LeBron’s playoff numbers were insane, not to mention just his Finals stats. In fact, using BPM, which adjusts for competition, LeBron James’ 2016 ranks as the fourth greatest post-season since 1974 — and he owns the “record” for first when he strung together super-human stats and lost in 2009. Looking at his BPM below from the post-season to the playoffs, he has two seasons where it’s virtually unchanged — that is, there’s nearly a direct 1-to-1 relationship in BPM — then three where it drops and five where it rises. Of course, this is cherry-picking a little because this is only looking at seasons where he has heavy minutes, and naturally those were more successful, but he has a good track record now of raising his performance in the playoffs.
The Cleveland Cavaliers have already accomplished what they wanted; now it’s victory lap time. They’re probably a weaker team now though, even when adjusting for the post-championship hangover. They have some real problems with backup point guard, and LeBron, who’s been as deep as possible in the playoffs for six straight years, is another year older. But all that matters is that one series at the end of the post-season. They’re still on track for an epic Warriors rematch in June. We’re all waiting.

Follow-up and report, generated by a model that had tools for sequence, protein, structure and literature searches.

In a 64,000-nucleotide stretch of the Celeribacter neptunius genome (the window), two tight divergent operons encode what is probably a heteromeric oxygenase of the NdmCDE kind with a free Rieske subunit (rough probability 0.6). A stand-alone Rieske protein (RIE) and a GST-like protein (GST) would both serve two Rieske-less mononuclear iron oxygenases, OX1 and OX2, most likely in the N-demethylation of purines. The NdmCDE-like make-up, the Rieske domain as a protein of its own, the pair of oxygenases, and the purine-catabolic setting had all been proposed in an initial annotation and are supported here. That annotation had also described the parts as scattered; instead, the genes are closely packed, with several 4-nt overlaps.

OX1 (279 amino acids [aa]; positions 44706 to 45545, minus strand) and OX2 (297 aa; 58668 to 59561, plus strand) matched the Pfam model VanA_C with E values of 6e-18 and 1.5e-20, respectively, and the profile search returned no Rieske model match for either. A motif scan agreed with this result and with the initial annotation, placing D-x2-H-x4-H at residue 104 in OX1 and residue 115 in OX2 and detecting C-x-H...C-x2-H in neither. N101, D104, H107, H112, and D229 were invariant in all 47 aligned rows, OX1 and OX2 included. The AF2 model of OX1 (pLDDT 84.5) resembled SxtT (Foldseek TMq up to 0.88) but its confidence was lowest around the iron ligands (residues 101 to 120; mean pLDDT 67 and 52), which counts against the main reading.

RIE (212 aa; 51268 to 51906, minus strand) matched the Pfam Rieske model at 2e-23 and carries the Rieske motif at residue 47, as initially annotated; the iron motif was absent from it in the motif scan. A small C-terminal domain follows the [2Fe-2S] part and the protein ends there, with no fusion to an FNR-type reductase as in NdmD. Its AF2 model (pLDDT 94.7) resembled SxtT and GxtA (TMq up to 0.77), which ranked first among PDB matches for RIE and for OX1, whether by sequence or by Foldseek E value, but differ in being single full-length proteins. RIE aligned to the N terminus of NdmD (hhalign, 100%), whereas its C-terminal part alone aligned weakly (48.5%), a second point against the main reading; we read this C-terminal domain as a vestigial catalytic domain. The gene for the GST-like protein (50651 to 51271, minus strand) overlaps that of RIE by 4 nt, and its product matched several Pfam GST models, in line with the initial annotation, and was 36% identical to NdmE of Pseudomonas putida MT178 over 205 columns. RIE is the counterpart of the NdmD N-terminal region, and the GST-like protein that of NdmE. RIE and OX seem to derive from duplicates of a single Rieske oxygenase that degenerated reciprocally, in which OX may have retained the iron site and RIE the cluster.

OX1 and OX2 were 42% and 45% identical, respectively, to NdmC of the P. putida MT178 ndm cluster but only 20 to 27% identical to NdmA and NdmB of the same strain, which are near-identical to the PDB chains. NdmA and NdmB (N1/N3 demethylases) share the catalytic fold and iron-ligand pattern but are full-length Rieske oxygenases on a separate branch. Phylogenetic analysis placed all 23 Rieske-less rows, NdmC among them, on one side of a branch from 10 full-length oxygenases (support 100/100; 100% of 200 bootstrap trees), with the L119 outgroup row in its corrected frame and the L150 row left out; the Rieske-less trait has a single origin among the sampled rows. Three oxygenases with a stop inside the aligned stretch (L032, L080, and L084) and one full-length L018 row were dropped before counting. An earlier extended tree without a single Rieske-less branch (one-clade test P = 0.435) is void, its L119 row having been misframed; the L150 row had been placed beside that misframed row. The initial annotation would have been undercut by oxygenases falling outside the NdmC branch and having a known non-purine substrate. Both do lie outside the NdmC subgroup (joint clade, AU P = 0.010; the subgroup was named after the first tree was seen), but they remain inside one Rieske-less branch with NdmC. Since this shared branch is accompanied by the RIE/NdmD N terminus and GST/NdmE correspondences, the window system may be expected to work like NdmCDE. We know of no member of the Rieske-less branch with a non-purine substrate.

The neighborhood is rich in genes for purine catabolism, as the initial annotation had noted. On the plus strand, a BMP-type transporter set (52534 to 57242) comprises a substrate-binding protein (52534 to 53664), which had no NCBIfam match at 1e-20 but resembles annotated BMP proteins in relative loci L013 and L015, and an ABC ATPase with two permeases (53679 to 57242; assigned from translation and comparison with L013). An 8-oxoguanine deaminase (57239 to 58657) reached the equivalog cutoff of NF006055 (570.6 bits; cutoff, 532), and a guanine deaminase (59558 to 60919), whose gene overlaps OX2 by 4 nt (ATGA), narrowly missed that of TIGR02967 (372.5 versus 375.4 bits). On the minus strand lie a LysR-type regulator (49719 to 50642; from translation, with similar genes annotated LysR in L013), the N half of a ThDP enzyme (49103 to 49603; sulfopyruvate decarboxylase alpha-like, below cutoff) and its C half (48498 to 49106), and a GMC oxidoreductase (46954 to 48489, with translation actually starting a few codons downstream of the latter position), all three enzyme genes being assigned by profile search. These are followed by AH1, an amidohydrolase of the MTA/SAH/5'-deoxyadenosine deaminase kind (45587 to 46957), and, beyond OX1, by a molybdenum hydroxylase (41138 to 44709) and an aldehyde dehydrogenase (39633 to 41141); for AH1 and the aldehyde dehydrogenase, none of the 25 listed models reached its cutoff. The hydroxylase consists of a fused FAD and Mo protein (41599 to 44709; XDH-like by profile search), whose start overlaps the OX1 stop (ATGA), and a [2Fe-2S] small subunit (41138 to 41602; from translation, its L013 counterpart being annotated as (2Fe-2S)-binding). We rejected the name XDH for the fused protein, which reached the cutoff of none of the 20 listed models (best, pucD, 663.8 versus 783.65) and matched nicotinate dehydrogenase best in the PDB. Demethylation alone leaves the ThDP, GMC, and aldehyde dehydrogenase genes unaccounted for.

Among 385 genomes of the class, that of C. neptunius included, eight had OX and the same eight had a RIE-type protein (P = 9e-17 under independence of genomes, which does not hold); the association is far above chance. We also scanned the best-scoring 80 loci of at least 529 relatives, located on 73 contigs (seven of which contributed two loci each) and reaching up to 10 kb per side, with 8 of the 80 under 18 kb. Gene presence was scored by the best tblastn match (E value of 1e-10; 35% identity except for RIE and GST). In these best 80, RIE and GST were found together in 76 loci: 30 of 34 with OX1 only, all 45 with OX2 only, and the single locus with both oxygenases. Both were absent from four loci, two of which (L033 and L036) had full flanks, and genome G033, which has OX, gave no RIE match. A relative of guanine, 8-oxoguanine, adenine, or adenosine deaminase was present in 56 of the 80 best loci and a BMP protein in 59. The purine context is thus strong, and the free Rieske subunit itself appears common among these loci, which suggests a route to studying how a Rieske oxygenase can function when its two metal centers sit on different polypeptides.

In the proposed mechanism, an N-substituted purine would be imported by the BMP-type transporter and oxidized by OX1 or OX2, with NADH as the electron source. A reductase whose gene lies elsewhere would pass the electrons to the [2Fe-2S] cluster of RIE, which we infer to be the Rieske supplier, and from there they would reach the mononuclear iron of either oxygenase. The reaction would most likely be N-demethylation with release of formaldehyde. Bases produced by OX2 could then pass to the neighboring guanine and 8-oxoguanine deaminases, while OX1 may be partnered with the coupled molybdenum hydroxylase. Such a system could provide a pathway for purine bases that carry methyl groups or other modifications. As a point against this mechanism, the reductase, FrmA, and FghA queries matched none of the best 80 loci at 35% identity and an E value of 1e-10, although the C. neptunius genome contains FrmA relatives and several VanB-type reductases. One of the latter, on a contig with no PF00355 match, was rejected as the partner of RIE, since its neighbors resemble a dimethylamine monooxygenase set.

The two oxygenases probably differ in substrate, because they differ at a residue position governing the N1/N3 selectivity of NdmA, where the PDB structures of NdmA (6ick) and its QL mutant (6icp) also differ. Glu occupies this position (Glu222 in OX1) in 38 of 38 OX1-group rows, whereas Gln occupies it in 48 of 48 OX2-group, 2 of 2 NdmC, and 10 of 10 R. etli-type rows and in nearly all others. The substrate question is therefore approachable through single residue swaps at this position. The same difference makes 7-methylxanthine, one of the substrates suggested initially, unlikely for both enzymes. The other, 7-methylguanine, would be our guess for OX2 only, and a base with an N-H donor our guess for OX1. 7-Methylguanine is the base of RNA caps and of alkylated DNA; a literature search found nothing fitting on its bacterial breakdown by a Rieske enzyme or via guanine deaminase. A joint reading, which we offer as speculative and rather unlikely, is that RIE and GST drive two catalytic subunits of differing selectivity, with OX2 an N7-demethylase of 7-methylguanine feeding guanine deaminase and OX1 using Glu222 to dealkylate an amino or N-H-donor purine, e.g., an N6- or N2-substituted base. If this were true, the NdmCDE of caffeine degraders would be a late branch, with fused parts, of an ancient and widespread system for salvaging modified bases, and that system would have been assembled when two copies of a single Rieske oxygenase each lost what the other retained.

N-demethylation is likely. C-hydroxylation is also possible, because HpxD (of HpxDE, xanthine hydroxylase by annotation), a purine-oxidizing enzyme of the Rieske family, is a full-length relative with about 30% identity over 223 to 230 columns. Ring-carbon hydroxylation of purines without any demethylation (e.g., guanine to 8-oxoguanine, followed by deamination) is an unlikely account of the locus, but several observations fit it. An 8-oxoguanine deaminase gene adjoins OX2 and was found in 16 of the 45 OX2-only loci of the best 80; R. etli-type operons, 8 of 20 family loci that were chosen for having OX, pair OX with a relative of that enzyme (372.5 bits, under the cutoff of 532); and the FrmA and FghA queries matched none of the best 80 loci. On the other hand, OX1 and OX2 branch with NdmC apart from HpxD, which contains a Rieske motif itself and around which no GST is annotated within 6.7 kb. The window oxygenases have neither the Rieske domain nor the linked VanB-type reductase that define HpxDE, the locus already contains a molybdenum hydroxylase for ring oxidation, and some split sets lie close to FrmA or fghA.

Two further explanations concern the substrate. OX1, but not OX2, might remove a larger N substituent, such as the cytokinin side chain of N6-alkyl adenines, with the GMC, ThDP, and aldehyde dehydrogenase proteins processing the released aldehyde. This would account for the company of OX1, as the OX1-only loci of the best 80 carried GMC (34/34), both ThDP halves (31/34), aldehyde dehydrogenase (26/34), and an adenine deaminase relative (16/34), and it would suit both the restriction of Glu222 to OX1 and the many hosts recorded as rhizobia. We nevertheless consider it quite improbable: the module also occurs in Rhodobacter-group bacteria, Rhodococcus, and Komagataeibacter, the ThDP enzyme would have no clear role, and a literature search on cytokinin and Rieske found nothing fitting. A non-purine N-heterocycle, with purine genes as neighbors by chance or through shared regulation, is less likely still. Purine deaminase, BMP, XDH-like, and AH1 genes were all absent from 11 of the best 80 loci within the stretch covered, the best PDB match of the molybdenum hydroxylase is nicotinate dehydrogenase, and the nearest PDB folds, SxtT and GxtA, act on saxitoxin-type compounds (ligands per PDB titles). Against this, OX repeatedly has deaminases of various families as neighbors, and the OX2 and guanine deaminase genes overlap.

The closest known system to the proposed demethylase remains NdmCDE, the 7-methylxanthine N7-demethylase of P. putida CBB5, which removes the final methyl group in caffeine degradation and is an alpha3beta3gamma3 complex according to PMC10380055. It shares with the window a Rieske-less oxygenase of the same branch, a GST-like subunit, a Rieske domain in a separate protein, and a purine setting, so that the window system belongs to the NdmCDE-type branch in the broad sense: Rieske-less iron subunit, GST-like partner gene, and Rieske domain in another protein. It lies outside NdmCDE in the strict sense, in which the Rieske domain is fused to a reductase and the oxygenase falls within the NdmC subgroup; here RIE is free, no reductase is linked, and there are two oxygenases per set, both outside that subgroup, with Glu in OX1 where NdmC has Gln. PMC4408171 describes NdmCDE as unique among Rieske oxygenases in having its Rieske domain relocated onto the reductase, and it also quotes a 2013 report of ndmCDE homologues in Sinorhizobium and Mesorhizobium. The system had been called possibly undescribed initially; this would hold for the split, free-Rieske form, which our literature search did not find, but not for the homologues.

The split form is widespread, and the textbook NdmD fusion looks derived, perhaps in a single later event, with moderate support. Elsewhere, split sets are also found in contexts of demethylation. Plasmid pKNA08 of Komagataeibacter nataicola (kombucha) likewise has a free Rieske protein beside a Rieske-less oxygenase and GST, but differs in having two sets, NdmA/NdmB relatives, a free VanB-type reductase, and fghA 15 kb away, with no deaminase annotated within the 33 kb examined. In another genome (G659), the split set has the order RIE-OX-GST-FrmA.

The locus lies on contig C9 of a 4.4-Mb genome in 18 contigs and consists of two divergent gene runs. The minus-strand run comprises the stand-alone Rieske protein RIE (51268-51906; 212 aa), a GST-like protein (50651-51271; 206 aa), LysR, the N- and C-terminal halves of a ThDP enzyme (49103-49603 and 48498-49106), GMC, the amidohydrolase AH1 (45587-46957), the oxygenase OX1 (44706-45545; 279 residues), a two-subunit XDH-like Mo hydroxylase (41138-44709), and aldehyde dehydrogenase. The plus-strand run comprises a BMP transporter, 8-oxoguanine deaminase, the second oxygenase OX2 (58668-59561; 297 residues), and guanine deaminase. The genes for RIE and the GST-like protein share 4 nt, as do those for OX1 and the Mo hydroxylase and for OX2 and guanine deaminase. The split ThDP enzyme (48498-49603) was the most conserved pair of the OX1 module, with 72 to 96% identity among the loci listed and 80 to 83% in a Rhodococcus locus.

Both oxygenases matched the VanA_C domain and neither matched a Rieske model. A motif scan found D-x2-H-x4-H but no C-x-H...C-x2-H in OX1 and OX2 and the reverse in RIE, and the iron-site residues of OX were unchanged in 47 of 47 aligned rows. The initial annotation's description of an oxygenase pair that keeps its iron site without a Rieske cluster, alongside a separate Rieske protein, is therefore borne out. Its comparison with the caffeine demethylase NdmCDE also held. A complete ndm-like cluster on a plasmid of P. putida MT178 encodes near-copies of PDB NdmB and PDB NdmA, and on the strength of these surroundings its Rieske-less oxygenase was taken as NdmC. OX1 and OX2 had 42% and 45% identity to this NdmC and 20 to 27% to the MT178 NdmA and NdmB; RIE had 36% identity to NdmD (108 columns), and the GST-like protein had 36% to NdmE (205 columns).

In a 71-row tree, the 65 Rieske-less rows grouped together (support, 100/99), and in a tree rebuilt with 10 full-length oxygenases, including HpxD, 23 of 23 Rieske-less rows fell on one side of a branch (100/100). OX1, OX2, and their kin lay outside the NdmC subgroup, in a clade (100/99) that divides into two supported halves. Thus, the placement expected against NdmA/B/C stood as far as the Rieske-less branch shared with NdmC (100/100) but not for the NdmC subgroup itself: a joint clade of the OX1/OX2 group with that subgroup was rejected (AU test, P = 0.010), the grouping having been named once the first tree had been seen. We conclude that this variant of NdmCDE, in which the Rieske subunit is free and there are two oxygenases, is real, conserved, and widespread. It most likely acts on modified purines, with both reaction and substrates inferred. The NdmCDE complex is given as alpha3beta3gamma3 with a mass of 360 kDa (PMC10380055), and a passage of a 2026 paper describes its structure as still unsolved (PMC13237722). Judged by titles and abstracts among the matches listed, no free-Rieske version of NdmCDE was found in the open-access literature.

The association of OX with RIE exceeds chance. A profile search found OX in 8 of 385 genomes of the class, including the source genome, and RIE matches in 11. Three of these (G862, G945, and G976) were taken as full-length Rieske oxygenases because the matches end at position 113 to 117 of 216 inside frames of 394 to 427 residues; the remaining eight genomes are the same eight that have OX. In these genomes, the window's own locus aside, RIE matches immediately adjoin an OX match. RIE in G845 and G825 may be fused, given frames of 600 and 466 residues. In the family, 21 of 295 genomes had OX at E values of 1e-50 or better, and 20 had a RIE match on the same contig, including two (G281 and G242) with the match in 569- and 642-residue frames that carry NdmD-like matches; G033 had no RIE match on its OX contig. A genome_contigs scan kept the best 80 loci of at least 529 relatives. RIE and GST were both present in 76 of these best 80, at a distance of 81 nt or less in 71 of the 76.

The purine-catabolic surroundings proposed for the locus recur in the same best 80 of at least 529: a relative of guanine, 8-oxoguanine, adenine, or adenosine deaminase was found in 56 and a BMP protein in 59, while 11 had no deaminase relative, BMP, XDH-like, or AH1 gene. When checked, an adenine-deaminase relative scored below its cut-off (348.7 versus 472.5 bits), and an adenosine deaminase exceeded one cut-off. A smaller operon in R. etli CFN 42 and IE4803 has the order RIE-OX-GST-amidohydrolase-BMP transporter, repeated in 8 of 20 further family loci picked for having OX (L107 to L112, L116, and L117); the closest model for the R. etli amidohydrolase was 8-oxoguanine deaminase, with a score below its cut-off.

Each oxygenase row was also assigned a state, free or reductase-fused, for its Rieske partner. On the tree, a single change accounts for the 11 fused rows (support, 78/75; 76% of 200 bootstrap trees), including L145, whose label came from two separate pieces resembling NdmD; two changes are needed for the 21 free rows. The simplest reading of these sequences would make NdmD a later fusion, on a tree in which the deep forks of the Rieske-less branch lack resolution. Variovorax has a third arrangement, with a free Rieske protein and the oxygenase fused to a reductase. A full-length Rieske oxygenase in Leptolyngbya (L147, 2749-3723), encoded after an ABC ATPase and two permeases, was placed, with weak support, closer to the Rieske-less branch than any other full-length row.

Mine: 56.9. A blend of several metrics, including Dredge, with a few other factors considered, like coaching.
Andrew Johnson’s: 55. A combination of PT-PM (a SportVU player tracking metric) blended with RAPM. Two-time reigning champion of the APBRmetrics board predictions contest.